Losing Mum

I went to see mum yesterday who’s failing memory it seems we have chosen to turn a blind eye to, came to a point where it could no longer be ignored. My alarm bell turned to jungle drums after a call from Dad. For nearly two years there has been a noticeable change in Mum and after a month of various peculiar phone calls ranging from “hello who are you? I found your phone number in my phone” followed by a phone call from Dad asking me to explain to Mum that she’s at home I had to go and see Mum face to face to try to understand what is happening and how it is being managed.

The catalyst was Dad who telephoned to ask me to explain to Mum where she was.  At the time she was sitting in her chair on the phone with her precious cat on her lap and she very emotionally said, “I just want to go home! I don’t want to stay here anymore, I miss all my things at home and John will not let me go home. Why can I not go home to Kingfishers?” In truth at this point I was completely blind-sided. I knew Mum had memory issues post operation (she has recently had open heart surgery) but now 5 months post operation, we were all optimistic that she would return to her old self again.  This is clearly not the case and Dad has been quietly keeping this to himself and coping with all of it alone! I know at the time of the call that Mum is phoning me from Kingfishers as Dad has called me from their landline and it doesn’t matter how many times I tell her she is at home she can not comprehend it!!  I jump into the car as soon as I have childcare sorted here to go and see her.

When I arrive it all seems normal and we chat, hug and laugh. Dad seems uneasy, perhaps because he does not want me to state the obvious and say, “Mum it is likely you have early onset Dementia” or something along those lines. Dad is protecting Mum or is he protecting them both. I am not sure.  We dig out lots of old albums together in the house and pour over lots and lots of old photos laughing and remembering past holidays, laughing at our terrible 80’s clothes!! Through all of this though and regardless of how many photographs we show Mum of us all at Kingfishers and remind her of the many good times we have had there over the last 46 years she can not comprehend that Kingfishers is Kingfishers. Before going to see Mum I had telephoned the Dementia Helpline and talked about Mum’s symptoms to a wonderful nurse and she told me that Mum not knowing she is at home is not a false memory she has it is an emotion. The nurse suggested that Mum has an uneasy feeling of not being at home whilst being at home.

Dad, bless him, looks after her every single day and it’s wearing on him I can see it in his eyes very wearing on him and it must be tough because their dearest friends have long since gone taken by cancer and they seem to be very much alone. Their home, Kingfishers is 2 hours away from me and 4 hours away from my brother and this is the first time I have been to see them for a few months. To me, Mum is lucid and normal 80% of the time but the other 20% it is strikingly obvious to me that there is something wrong. I stayed at the kitchen table where we have spent hundreds if not thousands of family meals together looking at my mum who is so small now, eight stone two, and said “Mum, Dad, you need to go to the doctor, you need to go to specialist, you need to have a diagnosis! Is this (a) memory loss due to the medications you are on due to the recent heart surgery, (b) is this dementia or (c) is it Alzheimer’s. The conversation clearly was very emotional for Mum who had tears in her eyes and the only thing I can do is wrap my arms around her and hold her tight and let and know that I am here to support her and help her through this but we need to know what we are helping her with. Later Mum and I are talking alone upstairs and she recounts the conversation from the morning she had had with Dad, which sounded like it was a heated, angry discussion, but she stopped short of telling me what it was about.  This concerns me because a symptom of dementia or Alzheimer’s is just that anger, depression, confusion.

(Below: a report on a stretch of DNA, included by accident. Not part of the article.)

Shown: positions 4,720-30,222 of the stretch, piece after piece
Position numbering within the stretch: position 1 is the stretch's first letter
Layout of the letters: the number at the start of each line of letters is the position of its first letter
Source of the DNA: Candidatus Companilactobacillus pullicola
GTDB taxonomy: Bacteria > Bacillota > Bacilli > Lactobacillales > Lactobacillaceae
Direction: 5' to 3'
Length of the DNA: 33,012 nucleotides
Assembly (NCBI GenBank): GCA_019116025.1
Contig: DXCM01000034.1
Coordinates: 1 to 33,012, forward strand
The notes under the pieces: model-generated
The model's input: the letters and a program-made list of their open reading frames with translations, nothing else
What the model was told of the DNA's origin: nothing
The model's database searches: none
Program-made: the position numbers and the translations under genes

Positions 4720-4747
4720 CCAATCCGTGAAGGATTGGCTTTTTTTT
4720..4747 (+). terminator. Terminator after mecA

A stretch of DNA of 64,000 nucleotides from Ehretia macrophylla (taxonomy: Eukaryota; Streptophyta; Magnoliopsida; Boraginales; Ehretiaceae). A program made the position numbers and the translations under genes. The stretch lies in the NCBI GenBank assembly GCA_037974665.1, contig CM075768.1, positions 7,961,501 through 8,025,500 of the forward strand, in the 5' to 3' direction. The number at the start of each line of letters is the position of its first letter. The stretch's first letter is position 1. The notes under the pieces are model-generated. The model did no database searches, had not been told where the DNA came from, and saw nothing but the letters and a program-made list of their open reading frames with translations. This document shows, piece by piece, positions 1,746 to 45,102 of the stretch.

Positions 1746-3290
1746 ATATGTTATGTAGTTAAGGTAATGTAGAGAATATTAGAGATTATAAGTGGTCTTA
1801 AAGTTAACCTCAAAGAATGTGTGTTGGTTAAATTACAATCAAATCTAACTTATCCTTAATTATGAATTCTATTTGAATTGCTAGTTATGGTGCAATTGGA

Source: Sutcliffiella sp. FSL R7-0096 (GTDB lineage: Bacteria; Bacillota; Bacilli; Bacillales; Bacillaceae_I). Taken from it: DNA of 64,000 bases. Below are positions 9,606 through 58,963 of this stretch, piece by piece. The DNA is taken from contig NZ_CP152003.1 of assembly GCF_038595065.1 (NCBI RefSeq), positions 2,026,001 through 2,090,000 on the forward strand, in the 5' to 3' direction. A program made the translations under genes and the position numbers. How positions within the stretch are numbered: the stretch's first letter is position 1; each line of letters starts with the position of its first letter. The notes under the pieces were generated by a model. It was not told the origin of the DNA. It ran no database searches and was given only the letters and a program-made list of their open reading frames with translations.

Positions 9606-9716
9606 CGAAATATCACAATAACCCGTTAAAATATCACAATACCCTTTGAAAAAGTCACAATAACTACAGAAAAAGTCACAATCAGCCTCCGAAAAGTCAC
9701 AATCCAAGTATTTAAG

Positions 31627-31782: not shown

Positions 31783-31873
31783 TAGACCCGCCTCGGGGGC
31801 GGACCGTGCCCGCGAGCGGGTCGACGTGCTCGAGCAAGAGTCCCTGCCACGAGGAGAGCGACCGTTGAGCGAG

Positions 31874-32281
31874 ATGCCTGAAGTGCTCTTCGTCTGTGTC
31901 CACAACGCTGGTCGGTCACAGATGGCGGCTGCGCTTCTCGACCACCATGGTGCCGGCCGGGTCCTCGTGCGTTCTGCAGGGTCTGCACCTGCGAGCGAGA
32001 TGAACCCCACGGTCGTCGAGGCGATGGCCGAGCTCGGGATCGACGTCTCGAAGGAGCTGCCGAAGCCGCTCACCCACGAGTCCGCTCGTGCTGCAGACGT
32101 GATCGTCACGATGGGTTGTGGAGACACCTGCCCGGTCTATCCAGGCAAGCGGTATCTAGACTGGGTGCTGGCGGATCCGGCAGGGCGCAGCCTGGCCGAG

I had to leave soon after arriving to get back for the children here at home so I hug them both goodbye. It was tough in truth to leave them. The next day I call them to see how they are and in comes the denial! Speaking to Mum she says “I’m fine, there’s nothing wrong, everything is okay.” This is after I sent the email with information on the Symptoms of Dementia and suggest when they are at their doctors later that week, they talk to the doctor. Both Mum and Dad are in denial “Oh no everything is going to be fine!” they say! Never before have I felt so angry, upset, confused, disappointed and concerned in all my life with my father and mother because they are not prepared to face up to what is happening to them.  All I want to do is offer my hand of support and yet I can see they do not want it.

I’m very worried and very concerned and I don’t know how to help. I am also frustrated that Dad is not ready for us to help and I wonder is he doing the right thing. If it were me I would want to have the proper support, medication, if there is any, and start the correct diet as all of this can make a difference in the early stages.  When will we be able to step in or when we can, will it be too little too late. All of this worries me very much indeed but we have to, for now, respect our father’s wishes. He is the carer, he is her husband and as a retired Doctor surely he should know best.

This was written on 9th March 2016. Today is 2nd May 2016 and the situation is still the same!

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